When a panel of experts recently voted that a gene-editing technique was safe for clinical use, it rang the opening bell for a new era in healthcare.
The one technique, alone, could have a profound impact on the more than 100,000 Black Americans and 20 million people worldwide who suffer from sickle-cell anemia and who could now be cured, rather than just managing what can be a painful and debilitating condition.
And that technique is just the first of many research efforts to get out of the lab. Hopes are high that other, related techniques could cure a host of cancers and blood disorders, some forms of blindness, cystic fibrosis, muscular dystrophy, high blood pressure related to LDL cholesterol and much more.
We're just at the opening bell. It will take many years to fully understand the effectiveness and potential dangers of the sickle-cell treatment, and a lot could still go wrong. It will take decades for the full array of gene-editing treatments to be vetted and rolled out. As a result, the effects on health insurance will be slow to play out.
Still, the achievement is stunning, and I think it's both worth celebrating for a moment and worth digging into a bit to understand where science can take humanity.
The sickle-cell technique stems from the work on CRISPR that won the 2020 Nobel Prize in Chemistry for Jennifer Doudna and Emmanuelle Charpentier. CRISPR is a family of DNA sequences that can be used to target and shut off a specific gene in a person's genome that causes disease, such as the one that causes sickle-cell anemia.
More recent research suggests CRISPR can even be used to fix "typos" in the three-billion-letter sequence of the human genome and treat genetic disease.
Because CRISPR is altering body chemistry at such a basic level, researchers are proceeding cautiously, initially focusing on conditions such as sickle cell where a single gene defect has been identified as the cause and where editing the gene should have no side effects.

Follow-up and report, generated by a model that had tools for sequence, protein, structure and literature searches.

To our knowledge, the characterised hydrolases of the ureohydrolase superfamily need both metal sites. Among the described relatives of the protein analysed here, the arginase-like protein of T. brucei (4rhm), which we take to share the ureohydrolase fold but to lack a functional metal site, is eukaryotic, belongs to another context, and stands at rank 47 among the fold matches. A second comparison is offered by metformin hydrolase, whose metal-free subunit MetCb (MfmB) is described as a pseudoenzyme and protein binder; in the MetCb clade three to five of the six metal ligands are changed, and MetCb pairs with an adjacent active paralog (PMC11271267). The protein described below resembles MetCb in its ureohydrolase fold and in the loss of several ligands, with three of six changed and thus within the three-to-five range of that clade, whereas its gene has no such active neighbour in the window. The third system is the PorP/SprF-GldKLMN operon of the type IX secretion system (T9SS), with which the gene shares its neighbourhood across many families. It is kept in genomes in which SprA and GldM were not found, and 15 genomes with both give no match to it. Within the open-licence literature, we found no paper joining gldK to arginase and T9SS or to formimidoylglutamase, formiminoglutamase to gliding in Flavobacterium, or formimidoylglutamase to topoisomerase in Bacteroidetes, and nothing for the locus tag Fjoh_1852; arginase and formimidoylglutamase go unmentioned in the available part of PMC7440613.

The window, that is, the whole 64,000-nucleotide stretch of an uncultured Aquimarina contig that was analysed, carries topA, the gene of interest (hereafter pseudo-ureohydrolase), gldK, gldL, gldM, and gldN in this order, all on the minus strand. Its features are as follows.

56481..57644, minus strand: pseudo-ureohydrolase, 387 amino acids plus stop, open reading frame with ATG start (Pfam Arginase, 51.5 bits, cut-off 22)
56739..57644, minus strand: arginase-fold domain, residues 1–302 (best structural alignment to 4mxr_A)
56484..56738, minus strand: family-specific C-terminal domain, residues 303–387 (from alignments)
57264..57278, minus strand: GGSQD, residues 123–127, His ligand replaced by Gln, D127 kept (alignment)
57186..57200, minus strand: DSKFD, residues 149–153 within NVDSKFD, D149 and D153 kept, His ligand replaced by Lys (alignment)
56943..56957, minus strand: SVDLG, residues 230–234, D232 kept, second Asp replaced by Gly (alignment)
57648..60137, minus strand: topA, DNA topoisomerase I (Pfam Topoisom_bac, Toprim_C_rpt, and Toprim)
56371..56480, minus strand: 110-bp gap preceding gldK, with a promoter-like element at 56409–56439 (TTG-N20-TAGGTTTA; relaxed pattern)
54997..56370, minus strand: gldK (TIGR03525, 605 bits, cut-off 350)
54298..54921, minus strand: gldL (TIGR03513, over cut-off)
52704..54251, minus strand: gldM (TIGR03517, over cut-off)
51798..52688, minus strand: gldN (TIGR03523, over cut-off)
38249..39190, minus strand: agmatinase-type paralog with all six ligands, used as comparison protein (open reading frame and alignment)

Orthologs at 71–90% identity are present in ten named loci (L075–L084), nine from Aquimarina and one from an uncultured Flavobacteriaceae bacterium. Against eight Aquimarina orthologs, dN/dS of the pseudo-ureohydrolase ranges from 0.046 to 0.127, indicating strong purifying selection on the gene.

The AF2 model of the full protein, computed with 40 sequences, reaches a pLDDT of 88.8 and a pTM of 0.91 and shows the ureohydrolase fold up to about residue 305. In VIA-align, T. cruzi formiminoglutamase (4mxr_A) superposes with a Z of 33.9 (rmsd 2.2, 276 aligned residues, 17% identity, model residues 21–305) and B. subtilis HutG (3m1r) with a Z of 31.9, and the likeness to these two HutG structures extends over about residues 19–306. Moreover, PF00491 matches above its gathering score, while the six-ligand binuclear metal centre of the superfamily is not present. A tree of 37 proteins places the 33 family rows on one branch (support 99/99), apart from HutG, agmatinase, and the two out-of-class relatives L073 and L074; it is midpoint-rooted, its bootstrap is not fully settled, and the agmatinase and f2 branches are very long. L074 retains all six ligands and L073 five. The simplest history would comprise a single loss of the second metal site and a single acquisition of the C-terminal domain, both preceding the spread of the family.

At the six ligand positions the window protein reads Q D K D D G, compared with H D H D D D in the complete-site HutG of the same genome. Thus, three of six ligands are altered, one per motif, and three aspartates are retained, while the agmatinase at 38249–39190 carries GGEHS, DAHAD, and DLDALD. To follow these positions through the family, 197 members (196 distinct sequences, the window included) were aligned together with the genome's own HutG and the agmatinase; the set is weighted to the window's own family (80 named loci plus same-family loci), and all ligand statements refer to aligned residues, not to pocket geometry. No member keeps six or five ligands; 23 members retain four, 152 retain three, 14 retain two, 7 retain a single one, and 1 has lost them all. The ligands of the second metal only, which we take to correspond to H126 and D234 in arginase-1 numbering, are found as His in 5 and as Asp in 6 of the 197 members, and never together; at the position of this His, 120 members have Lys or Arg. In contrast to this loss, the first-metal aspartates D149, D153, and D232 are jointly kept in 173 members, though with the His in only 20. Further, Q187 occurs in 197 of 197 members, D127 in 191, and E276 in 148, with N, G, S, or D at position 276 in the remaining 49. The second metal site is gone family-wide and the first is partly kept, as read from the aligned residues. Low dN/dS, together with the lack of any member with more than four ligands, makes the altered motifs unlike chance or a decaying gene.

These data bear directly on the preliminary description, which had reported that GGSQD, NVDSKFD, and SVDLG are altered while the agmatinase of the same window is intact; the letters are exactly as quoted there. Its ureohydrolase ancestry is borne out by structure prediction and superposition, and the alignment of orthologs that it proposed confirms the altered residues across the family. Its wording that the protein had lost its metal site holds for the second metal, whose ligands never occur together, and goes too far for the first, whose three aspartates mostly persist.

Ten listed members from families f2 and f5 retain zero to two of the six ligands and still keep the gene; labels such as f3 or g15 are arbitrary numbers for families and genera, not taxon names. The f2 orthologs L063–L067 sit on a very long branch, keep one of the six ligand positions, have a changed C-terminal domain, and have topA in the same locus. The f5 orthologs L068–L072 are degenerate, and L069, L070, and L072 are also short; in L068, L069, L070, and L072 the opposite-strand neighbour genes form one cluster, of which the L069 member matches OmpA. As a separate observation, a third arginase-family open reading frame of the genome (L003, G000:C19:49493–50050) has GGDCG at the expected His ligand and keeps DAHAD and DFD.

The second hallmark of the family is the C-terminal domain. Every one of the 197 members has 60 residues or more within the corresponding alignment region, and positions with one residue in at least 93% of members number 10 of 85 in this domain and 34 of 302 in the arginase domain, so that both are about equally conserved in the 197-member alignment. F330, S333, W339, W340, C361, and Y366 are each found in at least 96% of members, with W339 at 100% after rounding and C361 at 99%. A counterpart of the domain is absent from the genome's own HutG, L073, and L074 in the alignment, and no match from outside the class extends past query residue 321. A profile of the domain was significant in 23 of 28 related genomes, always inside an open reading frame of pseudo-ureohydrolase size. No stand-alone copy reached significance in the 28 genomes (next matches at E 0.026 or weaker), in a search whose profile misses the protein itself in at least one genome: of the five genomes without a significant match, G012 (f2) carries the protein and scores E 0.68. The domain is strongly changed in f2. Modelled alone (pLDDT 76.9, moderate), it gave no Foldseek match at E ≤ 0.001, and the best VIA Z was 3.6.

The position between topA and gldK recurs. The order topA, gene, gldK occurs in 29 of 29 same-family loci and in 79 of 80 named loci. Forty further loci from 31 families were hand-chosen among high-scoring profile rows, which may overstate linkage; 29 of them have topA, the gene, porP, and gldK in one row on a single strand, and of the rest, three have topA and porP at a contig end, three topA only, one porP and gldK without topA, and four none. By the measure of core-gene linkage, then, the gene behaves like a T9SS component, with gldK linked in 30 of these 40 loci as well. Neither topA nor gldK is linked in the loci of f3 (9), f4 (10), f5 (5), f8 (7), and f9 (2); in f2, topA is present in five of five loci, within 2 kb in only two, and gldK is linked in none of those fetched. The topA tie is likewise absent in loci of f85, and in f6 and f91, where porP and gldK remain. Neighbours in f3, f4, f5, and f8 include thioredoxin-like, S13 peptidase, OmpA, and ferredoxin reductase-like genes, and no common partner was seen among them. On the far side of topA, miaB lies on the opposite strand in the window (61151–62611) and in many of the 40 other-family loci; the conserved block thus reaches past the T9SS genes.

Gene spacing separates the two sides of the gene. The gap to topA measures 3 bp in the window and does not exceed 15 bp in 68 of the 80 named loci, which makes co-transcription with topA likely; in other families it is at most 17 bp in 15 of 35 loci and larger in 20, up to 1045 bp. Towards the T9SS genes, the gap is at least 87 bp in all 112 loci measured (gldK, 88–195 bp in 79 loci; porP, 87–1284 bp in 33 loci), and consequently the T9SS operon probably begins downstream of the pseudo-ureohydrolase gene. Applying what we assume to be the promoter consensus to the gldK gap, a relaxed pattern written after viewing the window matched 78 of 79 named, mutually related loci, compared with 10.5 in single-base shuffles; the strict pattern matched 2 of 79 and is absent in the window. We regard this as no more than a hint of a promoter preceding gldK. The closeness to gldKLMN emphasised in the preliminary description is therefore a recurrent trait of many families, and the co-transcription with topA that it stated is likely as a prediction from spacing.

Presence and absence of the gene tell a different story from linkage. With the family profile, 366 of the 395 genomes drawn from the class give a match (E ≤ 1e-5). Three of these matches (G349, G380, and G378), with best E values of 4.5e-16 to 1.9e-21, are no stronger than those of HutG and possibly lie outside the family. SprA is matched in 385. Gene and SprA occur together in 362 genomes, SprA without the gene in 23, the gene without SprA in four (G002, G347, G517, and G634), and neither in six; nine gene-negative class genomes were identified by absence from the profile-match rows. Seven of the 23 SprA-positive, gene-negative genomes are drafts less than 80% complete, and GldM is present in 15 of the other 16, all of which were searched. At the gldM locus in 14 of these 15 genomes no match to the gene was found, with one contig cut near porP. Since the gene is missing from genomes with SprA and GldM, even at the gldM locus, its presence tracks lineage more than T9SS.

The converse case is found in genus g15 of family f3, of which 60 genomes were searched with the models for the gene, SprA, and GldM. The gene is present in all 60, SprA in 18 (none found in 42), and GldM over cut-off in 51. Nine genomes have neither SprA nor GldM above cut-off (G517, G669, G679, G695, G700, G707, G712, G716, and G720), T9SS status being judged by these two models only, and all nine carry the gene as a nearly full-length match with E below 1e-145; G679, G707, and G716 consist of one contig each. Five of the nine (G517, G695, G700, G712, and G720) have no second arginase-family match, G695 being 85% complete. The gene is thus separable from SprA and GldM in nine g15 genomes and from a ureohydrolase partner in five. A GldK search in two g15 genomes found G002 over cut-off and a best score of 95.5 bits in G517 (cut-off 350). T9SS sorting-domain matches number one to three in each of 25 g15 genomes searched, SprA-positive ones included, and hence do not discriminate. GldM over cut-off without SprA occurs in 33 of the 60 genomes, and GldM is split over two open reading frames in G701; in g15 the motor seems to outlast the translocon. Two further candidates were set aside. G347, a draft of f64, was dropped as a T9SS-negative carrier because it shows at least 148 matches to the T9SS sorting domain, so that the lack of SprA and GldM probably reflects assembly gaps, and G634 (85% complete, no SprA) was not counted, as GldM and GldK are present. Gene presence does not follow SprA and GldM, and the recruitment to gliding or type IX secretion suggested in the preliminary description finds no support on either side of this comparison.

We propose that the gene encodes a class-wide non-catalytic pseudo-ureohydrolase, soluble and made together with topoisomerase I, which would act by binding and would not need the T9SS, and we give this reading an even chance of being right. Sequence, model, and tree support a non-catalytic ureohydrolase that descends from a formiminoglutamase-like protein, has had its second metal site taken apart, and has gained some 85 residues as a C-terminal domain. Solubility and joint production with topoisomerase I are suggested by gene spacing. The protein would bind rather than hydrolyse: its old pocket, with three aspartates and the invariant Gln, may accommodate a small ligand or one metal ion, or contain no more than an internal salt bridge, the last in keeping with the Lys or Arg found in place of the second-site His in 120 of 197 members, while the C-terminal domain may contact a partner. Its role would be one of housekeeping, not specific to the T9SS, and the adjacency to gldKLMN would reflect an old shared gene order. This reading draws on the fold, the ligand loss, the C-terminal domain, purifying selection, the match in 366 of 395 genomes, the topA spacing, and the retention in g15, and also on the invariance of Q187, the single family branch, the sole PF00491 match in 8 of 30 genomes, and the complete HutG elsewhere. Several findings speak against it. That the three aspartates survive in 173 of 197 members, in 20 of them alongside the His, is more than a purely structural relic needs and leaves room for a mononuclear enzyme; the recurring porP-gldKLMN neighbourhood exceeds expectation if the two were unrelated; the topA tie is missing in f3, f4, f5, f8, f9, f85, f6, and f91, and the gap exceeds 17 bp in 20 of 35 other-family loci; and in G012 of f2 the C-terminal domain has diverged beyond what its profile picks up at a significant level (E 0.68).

Even with sickle cell, the work has a very long way to go. The panel of experts who have found the treatment safe for clinical use have only seen it tried on 44 patients, and just 30 have been followed for at least 16 months. No side effects have been recorded, but, as this article in the New York Times explains, snippets of genetic material created by CRISPR could conceivably bind to an unintended part of someone's genome and turn off the wrong gene.
The treatment is rough on patients. The Times says: "Patients first have eight weeks of blood transfusions followed by a treatment to release bone marrow stem cells into their bloodstream. The stem cells are then removed and sent to the companies to be treated. Next, patients receive intense chemotherapy to clear their marrows for the treated cells. The treated cells are infused back into the patients, but they have to remain in the hospital for at least a month while the new cells grow and repopulate their marrows."
The treatment is also very expensive -- likely to cost millions of dollars per patient. But the healthcare system in the U.S., alone, spends $3 billion a year treating sickle cell, and gene-editing offers a full-on cure, so Medicare and private insurers have indicated that they'll cover the treatment.
To me, the milestone here is that we now have the prospect of actually curing chronic diseases like sickle cell, many cancers, hypertension and more, not just managing them.
And capabilities will only accelerate from here, largely because AI lets researchers sort through exponentially more possibilities than unassisted humans can as they wrestle with the mind-boggling complexities of human biology. Already, AI has let researchers understand how hundreds of thousands of proteins fold themselves, which determines a lot about how they interact with other proteins and with any drugs; previously, just determining the shape of a single protein required a chemical process that took more than a year and cost in the six figures.
As you keep reading about the great prospects for generative AI -- and they are great -- realize that other strains of AI are at work, too, and some are helping usher in a new, gene-editing era in healthcare that will benefit millions and millions of people.